Bare minimum upgrades for hundy for light/moderate off-road use

jdlobb

Adventurer
So I just got my '98 Land Cruiser last weekend, and I'm trying to plan out my build.

I'm looking take it out for her first proper trip off road in the spring, so I have some time to plan and save for some upgrades.

What would you recommend as the bare minimum I should do, and what are the highest priority "nice-to-haves?" What is the cost associated, and what should I budget?

Right now she's sitting stock except for some engine upgrades, which I'm assuming would be on the must-have list anyways.

Thanks,
Jon

KCCO
 

Bretthn

Explorer
Congrats.
Honestly, it will take you about anywhere you want to go in stock form unless you are looking to rock crawl. Take it on a few adventures to get a feel for what you want.
As far as wheelability* mine is stock with the exception of upgraded tires. It will go where I am not willing to take it, until I get some armor. (sliders)
You will love it. Post up some pictures.
Brett
 

jdlobb

Adventurer
yeah, no rock crawling. Most likely Dallas to Big Bend, with 4 days spent off road in the park. I don't know the state of trails in Big Bend though. My gut is telling me probably good tires and OME suspension upgrades at a minimum.
 

mhiscox

Expedition Leader
People will come out of the woodwork to help you, but here's my advice after having had two of them . . .

You can make a lot of progress by putting on the more aggressive tires of your choice (possibly in a little bigger size, but you don't need to go crazy as Hundreds already blessed with some of the biggest stock tires of any SUV).

Then you need to get the fiberglass running boards off and stored in the attic; you'll want them available for resale. Then put on a set of metal sliders, preferably some with a little step to them if you have shorter people to get in the truck. MetalTech made mine and I thought they were ideal:




After you do that, decide if you need to put a bunch of recovery gear on a roof basket (at the loss of maybe an mpg) or whether it can go inside. And unless you're giving tours, you probably want to remove the third row seats. Put them in the attic with the running boards.

After that, there's lots you can do. If you want to be more serious, go the Hundy forum at Ih8mud.com and read through many weeks of posts. Realize, though, that the more you do, the less good it is for a daily driver. The very best thing about the Hundreds, IMHO, is that with only tires and running boards, it's a very good overland truck while still being a classy ride you can drive clients around in.

One last thing . . . don't be to eager to mess with the engine. It's a fabulous engine with legendary reliability. Moving it away from stock may not produce benefits that outweigh the negatives.

Figure about $1000 for the tires; maybe $750 for the sliders. Then about $250 for a modest roof basket for the factory bars. So $2K and your good to go overlanding, if perhaps not rock crawling. Enjoy.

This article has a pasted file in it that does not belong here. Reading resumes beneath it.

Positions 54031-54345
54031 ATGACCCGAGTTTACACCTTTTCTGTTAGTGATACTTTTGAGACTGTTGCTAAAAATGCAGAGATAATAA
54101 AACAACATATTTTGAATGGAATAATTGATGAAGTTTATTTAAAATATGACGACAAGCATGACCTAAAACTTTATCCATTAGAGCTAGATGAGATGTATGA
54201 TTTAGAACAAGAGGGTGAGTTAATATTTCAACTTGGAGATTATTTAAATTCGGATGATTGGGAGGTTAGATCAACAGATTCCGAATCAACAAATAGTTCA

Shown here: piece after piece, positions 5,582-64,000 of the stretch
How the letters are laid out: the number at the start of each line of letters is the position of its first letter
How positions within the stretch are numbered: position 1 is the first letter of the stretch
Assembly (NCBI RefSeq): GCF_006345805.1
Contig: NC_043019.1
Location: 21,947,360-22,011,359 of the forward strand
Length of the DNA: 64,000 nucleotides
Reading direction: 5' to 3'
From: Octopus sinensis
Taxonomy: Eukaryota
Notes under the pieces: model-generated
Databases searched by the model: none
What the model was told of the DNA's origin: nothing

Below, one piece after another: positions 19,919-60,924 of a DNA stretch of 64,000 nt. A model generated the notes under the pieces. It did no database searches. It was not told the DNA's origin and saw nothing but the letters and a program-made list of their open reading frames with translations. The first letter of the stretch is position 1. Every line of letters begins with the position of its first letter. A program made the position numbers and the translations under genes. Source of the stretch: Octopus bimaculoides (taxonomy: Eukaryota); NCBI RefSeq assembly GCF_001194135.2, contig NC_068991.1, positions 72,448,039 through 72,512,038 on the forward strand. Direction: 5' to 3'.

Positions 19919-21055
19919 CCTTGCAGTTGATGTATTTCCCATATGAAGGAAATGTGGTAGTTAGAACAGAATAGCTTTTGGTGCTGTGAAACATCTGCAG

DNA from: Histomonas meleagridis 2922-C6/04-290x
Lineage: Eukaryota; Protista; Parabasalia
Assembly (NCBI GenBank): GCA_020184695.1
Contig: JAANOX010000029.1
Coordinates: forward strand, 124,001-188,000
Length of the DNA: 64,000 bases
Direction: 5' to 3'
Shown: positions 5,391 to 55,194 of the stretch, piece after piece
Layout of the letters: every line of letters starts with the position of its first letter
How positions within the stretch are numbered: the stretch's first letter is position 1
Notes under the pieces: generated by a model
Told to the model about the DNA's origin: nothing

jdlobb

Adventurer
Sorry for asking what may seem like a fairly obvious question. But what is the benefit of the sliders for basic overland use? I thought they'd be more of a rock crawling necessity.
 

Bretthn

Explorer
The rocker panels are the weak point when it comes to areas that are at risk for damage if you do ever get into a tricky situation. (you still have more clearance than most stock vehicles) They are not necessary but for the money it is a worth while investment for piece of mind. They are next on my list.
 

jdlobb

Adventurer
so if it came down to choosing between OME suspension and sliders.... sliders?

Would the following list seem to be the correct order of priority?

A/T Tires
Roof Basket
Sliders
Suspension
Front Bumper
Rear Bumper
 

JHa6av8r

Adventurer
It nice to see people talking common sense. I've come to the conclusion most builds are way over done. The only thing I'd add to my stock truck is sliders because my break over angle due to my longer wheel base. Armor the bottom and it will take you to 95% of where you want to go.
 

LexusAllTerrain

Expedition Leader
so if it came down to choosing between OME suspension and sliders.... sliders?

Would the following list seem to be the correct order of priority?

A/T Tires

Sliders

Suspension
This would be my must haves!

Tires= better protection, better traction!
Suspension= better load capacity, go faster offroad and better clearance!
Sliders= peace of mind while you get the driving skills!

Oh! and you can go anywhere in your Landcruiser at Big Bend it is basically a two wheel drive trails!
 

mhiscox

Expedition Leader
so if it came down to choosing between OME suspension and sliders.... sliders? Would the following list seem to be the correct order of priority?
You certainly sound like you are going about this in a level-headed manner.

In my opinion, having used a 2000 and a 2005 for overland travel, here's what I think. Note that I pretty much agree with the earlier comment about the average truck being overbuilt. (I've personally overbuilt several of them. ;) )